Image Gallery #5

Mostly in exotic woods this is a set of match planes and molding planes as well as a unique plow plane of high quality. These tools were probably made by an artisan working in a plane factory. As the signature is omitted, it is correct to think that this employee made them for himself.

(Click on Thumbnail Picture for a Larger Version)


 At the center of this display of wooden planes there is a magnificent plow plane (no. 1). It is made of rose wood, ebony, steel and brass. There are delicate brass ornamentations. Around the plow plane is a set of side beads. They are numbered 2, 3. 4, 9, 10, 11, 12. Number 5 is a small round, 6 is a filletster and 7 and 8 are twin match planes. (Please see larger version of picture). All, (excepted 2 and 3) are made of exotic wood.


 This superb rosewood plow plane is shown here with all its attributes. Both screw arms controlling the longitudinal guide are steel (probably chrome plated). As the handle is quite small and by comparison to younger ones we may assume that its fabrication date could be between 1840 and 1860.


We can see here the delicate incrusted brass pieces into the rosewood and the ebony woods. These screws are capped at both ends by a very nice turned ebony cap.


The two big nuts holding down the longitudinal guide are turned from pieces of ebony and rosewood placed alternately and glued together. The wooden lock-nuts (washers) are in rose wood. The window opening permitting the passage of the brass nut locking the depth gage is ornate by a pretty brass surrounding. It may be a "cathedral" window.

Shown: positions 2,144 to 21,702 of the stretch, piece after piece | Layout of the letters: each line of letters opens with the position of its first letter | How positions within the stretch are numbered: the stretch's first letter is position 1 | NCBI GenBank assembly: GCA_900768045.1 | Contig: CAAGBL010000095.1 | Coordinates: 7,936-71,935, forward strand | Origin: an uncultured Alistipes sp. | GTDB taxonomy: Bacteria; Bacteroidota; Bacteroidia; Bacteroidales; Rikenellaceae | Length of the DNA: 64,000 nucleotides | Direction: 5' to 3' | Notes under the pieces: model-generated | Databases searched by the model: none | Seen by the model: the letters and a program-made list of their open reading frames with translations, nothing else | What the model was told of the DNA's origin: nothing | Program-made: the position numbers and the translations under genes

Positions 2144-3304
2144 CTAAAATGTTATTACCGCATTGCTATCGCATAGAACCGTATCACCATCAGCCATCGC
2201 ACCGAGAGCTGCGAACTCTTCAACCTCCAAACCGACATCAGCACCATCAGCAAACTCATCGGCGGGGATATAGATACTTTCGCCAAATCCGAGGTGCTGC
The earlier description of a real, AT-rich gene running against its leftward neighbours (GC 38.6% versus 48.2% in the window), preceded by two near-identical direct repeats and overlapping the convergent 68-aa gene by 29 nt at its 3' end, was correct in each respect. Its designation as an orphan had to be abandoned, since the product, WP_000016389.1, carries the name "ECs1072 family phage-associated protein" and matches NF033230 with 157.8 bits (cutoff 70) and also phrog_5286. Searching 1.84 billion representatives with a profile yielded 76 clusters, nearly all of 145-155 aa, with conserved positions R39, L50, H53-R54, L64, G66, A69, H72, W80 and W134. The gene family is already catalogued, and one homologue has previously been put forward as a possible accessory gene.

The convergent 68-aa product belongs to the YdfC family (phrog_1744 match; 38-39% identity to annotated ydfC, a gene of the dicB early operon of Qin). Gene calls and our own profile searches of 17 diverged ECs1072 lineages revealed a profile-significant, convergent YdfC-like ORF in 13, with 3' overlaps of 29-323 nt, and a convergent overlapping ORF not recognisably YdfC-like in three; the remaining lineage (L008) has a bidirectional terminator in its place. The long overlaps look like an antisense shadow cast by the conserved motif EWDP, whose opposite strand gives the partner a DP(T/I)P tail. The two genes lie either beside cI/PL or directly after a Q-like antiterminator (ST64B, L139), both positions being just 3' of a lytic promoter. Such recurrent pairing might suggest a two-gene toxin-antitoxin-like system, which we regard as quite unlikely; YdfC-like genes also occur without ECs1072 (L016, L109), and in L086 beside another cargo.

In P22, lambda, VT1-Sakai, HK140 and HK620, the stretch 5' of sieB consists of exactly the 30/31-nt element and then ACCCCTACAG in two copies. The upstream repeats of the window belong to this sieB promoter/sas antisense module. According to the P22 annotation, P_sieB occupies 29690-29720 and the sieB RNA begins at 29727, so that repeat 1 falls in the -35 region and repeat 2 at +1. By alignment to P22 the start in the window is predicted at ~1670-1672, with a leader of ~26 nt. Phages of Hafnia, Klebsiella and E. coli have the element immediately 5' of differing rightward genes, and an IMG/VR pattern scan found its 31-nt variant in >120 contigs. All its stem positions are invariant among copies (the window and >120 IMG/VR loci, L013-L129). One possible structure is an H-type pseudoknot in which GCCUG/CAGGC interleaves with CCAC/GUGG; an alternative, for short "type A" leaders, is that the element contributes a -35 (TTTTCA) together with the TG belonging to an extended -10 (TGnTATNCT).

Two beautiful match planes sit among these nice planes. Both are in exotic wood. Number 7 has two steel guides while number 8 possesses a steel guide on one side and a guide made of ebony on the other. Each of these tools is capable of making a groove and also a tongue.


The side beads show a nice progression of different sizes planes from the smallest to the largest in this set. These 7 side beads are shown among the other planes in the picture below.


Shown on the front end, are a small round (5), a simple filletster (6) and two match planes (7 & 8). The whole set (excepted for the plow plane) is shown on the other image. The two "lighter" wood planes are clearly visible with their ebony wedges. The planes in this set look like those made by J. DAWSON, Montréal. As these unusual planes have about the same characteristics of Dawson's it is supposed rightly that they were made at this manufacture probably by one of the employees and for himself. This man, of course, deliberately omitted to "sign" them. It was most likely during the eighteen fifties.